AMCON declares N352bn losses in 2016

Managing Director, AMCON, Ahmed Kuru
Managing Director, AMCON, Ahmed Kuru

The Asset Management Corporation of Nigeria (AMCON), has declared losses amounting to N352bn for the year 2016.

The management of the ‘bad bank’ made this known over the weekend, stressing that the group losses of N352 billion at end of December 2016, marked a N57 billion reduction from N295 billion recorded at the end of December 2015.

While Deposit Money Banks (DMBs) contributed a total of N136 billion to the AMCON sinking fund, during the 2016 financial year, the corporation disclosed that it has recovered N134 billion loans in the year under review.

Speaking on the performance of the company in 2016, the Managing Director of AMCON, Ahmed Kuru said: “In 2016, our total recovery was N134 billion. Not all of them are cash. N86.9 billion came from cash collection and some debtors that felt that they could settle some outstanding obligation through forfeiture of their assets.”

“So, assets forfeiture amounted to about N30.4 billion, while N8 billion came from sale of properties,” he said.


The AMCON boss said in spite of the economic challenges, the corporation was able to improve on its performance by reducing its group losses for the year.

Also, the Chief Financial Officer, AMCON, Olugbenga Ataiyero, who gave a breakdown of the account, reemphasized that the group losses were reduced by N57, adding that for the AMCON stand-alone financial statement, the corporation made a lot of improvement from last year.

“Last year we closed at N310 billion losses, this year we were able to manage it down to N251 billion losses. We had a very appreciable improvement in terms of main operation alone,” he said.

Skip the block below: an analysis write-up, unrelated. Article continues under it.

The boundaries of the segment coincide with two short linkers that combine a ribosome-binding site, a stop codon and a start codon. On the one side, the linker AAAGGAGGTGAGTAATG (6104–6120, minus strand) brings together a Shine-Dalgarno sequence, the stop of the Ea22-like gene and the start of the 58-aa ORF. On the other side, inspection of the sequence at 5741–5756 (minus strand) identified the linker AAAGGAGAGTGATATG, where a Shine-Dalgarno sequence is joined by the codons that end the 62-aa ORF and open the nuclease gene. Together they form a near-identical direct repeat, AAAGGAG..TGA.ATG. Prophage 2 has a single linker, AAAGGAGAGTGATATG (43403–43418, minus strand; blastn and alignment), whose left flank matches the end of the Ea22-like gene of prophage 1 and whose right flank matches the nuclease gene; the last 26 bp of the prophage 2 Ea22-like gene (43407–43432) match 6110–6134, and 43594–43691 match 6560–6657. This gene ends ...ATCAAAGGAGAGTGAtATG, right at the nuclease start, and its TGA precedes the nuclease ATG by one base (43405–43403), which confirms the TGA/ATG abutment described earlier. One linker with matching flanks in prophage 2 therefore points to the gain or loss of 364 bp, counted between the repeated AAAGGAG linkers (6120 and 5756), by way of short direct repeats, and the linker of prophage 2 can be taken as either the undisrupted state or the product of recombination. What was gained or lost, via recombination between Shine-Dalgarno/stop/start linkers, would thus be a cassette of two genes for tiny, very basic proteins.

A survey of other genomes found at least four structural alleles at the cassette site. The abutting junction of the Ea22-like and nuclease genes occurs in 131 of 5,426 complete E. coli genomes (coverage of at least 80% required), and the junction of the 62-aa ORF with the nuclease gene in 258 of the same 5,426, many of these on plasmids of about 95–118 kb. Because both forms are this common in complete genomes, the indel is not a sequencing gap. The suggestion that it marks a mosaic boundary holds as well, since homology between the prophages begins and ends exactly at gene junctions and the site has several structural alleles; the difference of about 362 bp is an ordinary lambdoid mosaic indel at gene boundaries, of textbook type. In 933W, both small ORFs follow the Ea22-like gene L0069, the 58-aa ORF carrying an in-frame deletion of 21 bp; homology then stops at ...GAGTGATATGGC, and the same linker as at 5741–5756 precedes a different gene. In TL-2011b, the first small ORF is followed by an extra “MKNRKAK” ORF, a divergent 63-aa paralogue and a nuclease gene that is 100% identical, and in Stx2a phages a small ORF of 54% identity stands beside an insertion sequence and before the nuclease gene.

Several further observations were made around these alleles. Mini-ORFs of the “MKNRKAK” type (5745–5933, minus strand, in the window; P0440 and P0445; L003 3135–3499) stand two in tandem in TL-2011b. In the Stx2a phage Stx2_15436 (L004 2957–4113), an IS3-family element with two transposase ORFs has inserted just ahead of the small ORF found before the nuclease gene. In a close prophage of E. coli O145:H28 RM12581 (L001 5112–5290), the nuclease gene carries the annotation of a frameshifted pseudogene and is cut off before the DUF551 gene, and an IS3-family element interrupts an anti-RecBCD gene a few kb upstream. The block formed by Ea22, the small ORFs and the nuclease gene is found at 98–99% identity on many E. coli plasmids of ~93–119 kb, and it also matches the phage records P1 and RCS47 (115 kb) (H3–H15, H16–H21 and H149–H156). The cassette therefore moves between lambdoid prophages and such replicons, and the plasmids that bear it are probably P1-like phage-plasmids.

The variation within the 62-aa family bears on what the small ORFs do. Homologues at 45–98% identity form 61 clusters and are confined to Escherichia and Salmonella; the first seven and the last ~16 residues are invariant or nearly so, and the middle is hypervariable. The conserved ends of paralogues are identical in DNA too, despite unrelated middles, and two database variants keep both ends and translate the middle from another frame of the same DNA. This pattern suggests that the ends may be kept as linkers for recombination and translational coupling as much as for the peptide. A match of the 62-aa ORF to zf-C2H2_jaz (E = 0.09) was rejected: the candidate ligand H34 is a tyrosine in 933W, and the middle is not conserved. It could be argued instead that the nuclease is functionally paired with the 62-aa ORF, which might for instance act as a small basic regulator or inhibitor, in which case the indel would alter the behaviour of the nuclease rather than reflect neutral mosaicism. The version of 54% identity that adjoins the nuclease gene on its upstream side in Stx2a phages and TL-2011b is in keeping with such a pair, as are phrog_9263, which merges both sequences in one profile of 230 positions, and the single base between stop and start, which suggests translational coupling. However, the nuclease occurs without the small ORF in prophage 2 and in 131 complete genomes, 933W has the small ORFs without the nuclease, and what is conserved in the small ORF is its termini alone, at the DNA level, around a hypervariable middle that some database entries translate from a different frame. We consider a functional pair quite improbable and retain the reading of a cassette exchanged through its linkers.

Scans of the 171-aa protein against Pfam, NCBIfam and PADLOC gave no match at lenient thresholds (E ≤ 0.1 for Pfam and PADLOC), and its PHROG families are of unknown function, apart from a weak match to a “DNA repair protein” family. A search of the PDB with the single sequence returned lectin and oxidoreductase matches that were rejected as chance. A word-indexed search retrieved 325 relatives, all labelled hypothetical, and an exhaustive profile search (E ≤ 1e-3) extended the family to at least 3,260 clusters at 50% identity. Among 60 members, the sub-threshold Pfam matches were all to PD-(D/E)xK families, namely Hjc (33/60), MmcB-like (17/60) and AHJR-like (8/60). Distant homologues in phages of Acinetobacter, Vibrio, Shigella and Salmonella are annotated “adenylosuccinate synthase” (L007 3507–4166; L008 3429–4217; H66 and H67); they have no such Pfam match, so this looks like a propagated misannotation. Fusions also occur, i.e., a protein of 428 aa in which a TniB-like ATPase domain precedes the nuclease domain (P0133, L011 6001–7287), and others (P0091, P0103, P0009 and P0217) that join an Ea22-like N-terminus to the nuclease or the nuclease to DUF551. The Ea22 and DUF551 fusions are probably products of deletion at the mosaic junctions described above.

“But we had the burden of subsidiaries that we had to add to our own figures. The position from last year doing a comparison of our performance for last year, we went a little bit back. For 2016, we closed at N315 billion for the year while in 2015 it was N295 billion.

“So while on the part of AMCON there was an appreciable improvement in terms of our numbers, the losses came down drastically, by almost about N59 billion but for the group numbers.”

He also disclosed that during the 2016 financial year, banks contributed N136 billion to the AMCON sinking fund, adding that the banks have so far contributed N931 billion to the sinking fund since inception

Ataiyero however lamented that the projection was that banks’ contribution were going to grow at 20 per cent, which never came to pass.

“In 2016, we had envisaged that the banks would have contributed about N288 billion, but they actually contributed only N136 billion.

“So, that was enough for us to pay down the principal. What we did was just to service the interest of our loan from the CBN. We pray that the contribution to the sinking fund would improve and then our losses would begin to go down,” he said.

Mr Kuru listed other obstacles the corporation faced in its loan recovery efforts to include the refusal of certain obligors to pay back, numerous court cases that take many years for the parties to resolve, and difficulties in disposing seized assets.

The AMCON chief lamented that the job of debt recovery is a tasking job.

“There are quite a lot of challenges we are facing in debt recovery,” he said.

“We are not under any illusion that it is easy to recover bad loans. Loan recovery is a very unpleasant job,” he added.

 

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